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CASE

1949-3
CASES OF ASME BOILER AND PRESSURE VESSEL CODE

Approval Date: August 8, 1994


See Numeric Index for expiration
and any reaffirmation dates.

Case 1949-3 (b) Welded fabrication shall conform to the applica-


Forgings of Nickel-Iron-Chromium Alloys N08800 ble requirements of Section I.
and N08810 (1) The procedure and performance qualification
Section I shall be conducted as prescribed in Section IX.
(2) Welding shall be done by any welding process
or combination of processes capable of meeting the
Inquiry: May forgings of nickel-iron-chromium requirements.
alloys N08800 and N08810 that conform to SB-564 (c) This Case number shall be shown on the Data
be used in Code construction under Section I? Report.
CAUTIONARY NOTE: Austenitic alloys are subject to stress corro-
sion cracking, intergranular attack, pitting, and crevice corrosion
when used in boiler applications in aqueous environments. Factors
that affect the susceptibility of these materials are applied or residual
Reply: It is the opinion of the Committee that nickel- stress, water chemistry and deposition of solids, and material condi-
iron-chromium alloys N08800 and N08810 as described tion. Susceptibility to attack is enhanced when the material is used
in a sensitized condition, or with residual cold work. Concentration
in the Inquiry may be used in Section I construction, of corrosive agents (e.g., chlorides, caustic, or reduced sulfur species)
provided the following additional requirements are met. can occur under deposits formed on the surface of these materials,
and can result in severe underdeposit wastage or cracking. For
(a) The maximum allowable stress values shall be successful operation in water environments, careful attention must
those listed in Table 1. be paid to continuous control of water chemistry.

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CASE (continued)

1949-3
CASES OF ASME BOILER AND PRESSURE VESSEL CODE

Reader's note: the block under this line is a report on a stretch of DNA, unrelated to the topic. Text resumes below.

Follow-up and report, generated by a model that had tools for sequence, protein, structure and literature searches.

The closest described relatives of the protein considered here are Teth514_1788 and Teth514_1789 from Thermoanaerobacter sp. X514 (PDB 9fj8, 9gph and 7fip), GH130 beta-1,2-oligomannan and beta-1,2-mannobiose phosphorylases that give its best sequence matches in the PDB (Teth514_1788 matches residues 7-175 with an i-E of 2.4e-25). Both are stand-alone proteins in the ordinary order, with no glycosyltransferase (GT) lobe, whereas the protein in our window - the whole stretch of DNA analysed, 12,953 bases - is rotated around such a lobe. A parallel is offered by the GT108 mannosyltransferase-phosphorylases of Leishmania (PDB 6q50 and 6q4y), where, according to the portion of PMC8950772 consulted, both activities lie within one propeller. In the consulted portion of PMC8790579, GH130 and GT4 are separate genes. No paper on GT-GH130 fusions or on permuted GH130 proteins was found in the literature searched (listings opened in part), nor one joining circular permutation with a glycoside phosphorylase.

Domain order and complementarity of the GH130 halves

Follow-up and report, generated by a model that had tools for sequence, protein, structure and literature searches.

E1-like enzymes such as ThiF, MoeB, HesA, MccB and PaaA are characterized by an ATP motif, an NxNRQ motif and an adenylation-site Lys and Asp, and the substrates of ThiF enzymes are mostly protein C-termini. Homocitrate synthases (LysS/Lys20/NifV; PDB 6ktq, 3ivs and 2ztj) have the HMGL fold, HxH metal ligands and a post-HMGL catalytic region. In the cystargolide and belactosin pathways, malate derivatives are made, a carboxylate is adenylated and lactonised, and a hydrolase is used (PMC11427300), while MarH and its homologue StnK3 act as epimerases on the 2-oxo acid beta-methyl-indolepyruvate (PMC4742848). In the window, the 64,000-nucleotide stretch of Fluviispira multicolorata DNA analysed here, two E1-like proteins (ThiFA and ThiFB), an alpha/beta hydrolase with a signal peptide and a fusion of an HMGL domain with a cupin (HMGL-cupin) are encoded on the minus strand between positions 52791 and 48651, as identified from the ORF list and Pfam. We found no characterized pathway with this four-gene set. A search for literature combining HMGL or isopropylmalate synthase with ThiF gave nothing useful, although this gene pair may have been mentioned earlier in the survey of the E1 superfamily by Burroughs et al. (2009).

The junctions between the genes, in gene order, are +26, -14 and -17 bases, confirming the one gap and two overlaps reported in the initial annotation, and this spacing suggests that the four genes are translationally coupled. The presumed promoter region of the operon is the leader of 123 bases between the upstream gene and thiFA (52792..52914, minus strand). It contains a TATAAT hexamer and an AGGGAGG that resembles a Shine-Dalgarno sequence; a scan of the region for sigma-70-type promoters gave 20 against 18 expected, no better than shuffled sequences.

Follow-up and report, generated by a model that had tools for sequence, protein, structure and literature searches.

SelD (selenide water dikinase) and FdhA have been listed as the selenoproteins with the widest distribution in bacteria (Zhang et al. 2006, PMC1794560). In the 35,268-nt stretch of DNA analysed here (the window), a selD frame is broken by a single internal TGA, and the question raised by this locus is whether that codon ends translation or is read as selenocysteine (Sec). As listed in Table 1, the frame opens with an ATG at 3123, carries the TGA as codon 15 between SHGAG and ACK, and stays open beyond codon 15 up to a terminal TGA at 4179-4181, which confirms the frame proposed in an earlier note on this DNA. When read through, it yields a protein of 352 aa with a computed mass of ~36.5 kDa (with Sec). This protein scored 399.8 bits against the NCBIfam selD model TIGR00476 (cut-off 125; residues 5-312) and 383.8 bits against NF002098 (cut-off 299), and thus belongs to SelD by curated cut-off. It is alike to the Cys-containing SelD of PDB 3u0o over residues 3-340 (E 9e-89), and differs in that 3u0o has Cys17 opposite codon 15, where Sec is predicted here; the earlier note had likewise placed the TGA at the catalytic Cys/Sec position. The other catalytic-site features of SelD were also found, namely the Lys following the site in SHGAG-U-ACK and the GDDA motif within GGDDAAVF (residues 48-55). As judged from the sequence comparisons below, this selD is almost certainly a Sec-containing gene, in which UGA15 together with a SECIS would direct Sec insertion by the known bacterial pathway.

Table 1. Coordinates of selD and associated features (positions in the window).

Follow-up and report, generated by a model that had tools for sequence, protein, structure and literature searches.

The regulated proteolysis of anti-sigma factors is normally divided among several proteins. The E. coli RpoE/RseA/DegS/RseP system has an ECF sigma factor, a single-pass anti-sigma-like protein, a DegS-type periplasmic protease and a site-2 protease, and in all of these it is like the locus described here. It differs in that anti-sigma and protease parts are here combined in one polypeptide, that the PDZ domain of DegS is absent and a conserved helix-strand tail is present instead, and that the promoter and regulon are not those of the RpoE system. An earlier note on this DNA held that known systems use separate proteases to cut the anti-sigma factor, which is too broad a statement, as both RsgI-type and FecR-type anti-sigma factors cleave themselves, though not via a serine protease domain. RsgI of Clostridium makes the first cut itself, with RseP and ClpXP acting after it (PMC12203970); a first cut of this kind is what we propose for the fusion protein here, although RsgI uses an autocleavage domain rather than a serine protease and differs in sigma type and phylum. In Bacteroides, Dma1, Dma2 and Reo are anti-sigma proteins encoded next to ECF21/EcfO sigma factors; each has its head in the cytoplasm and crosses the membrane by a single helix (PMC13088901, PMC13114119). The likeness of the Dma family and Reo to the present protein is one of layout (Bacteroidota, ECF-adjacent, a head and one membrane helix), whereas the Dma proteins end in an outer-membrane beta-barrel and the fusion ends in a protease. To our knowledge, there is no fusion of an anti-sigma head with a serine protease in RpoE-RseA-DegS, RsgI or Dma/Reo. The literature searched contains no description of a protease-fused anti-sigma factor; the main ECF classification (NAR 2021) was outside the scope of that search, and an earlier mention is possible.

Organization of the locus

TABLE 1
MAXIMUM ALLOWABLE STRESS VALUES
For Metal
Temperature Maximum Allowable Stress Values, ksi
Not
Exceeding, F N08800 N08810

100 18.7 18.7 [Note (1)] 16.2 16.2 [Note (1)]


200 18.7 18.7 [Note (1)] 15.4 16.2 [Note (1)]
300 17.9 18.7 [Note (1)] 14.5 16.2 [Note (1)]
400 17.2 18.7 [Note (1)] 13.5 16.2 [Note (1)]

500 16.7 18.7 [Note (1)] 12.9 16.0 [Note (1)]


600 16.3 18.7 [Note (1)] 12.2 16.0 [Note (1)]
650 16.1 18.6 [Note (1)] 11.9 16.0 [Note (1)]
700 15.9 18.6 [Note (1)] 11.7 15.7 [Note (1)]

750 15.7 18.5 [Note (1)] 11.4 15.4 [Note (1)]


800 15.5 18.5 [Note (1)] 11.1 15.3 [Note (1)]
850 15.3 18.3 [Note (1)] 10.9 15.1 [Note (1)]
900 15.1 18.2 [Note (1)] 10.7 14.8 [Note (1)]

950 14.9 17.9 [Note (1)] 10.5 14.6 [Note (1)]


1000 14.7 17.6 [Note (1)] 10.3 14.4 [Note (1)]
1050 14.5 17.0 [Note (1)] 10.1 13.7 [Note (1)]
1100 13.0 13.0 [Note (1)] 10.0 11.6 [Note (1)]

1150 9.8 9.8 [Note (1)] 9.3 9.3 [Note (1)]


1200 6.6 6.6 [Note (1)] 7.4 7.4 [Note (1)]
1250 4.2 4.2 [Note (1)] 5.9 5.9 [Note (1)]
1300 2.0 2.0 [Note (1)] 4.7 4.7 [Note (1)]

1350 1.6 1.6 [Note (1)] 3.8 3.8 [Note (1)]


1400 1.1 1.1 [Note (1)] 3.0 3.0 [Note (1)]
1450 1.0 1.0 [Note (1)] 2.4 2.4 [Note (1)]
1500 0.8 0.8 [Note (1)] 1.9 1.9 [Note (1)]

NOTE:
(1) Due to the relatively low yield strength of these materials, these higher stress values were established
at temperatures where the short time tensile properties govern to permit the use of these alloys where
slightly greater deformation is acceptable. These higher stress values exceed 6623%, but do not exceed
90% of the yield strength at temperature. Use of these stresses may result in dimensional changes due
to permanent strain. These stress values are not recommended for the flanges of gasketed joints or other
applications where slight amounts of distortion can cause leakage or malfunction.

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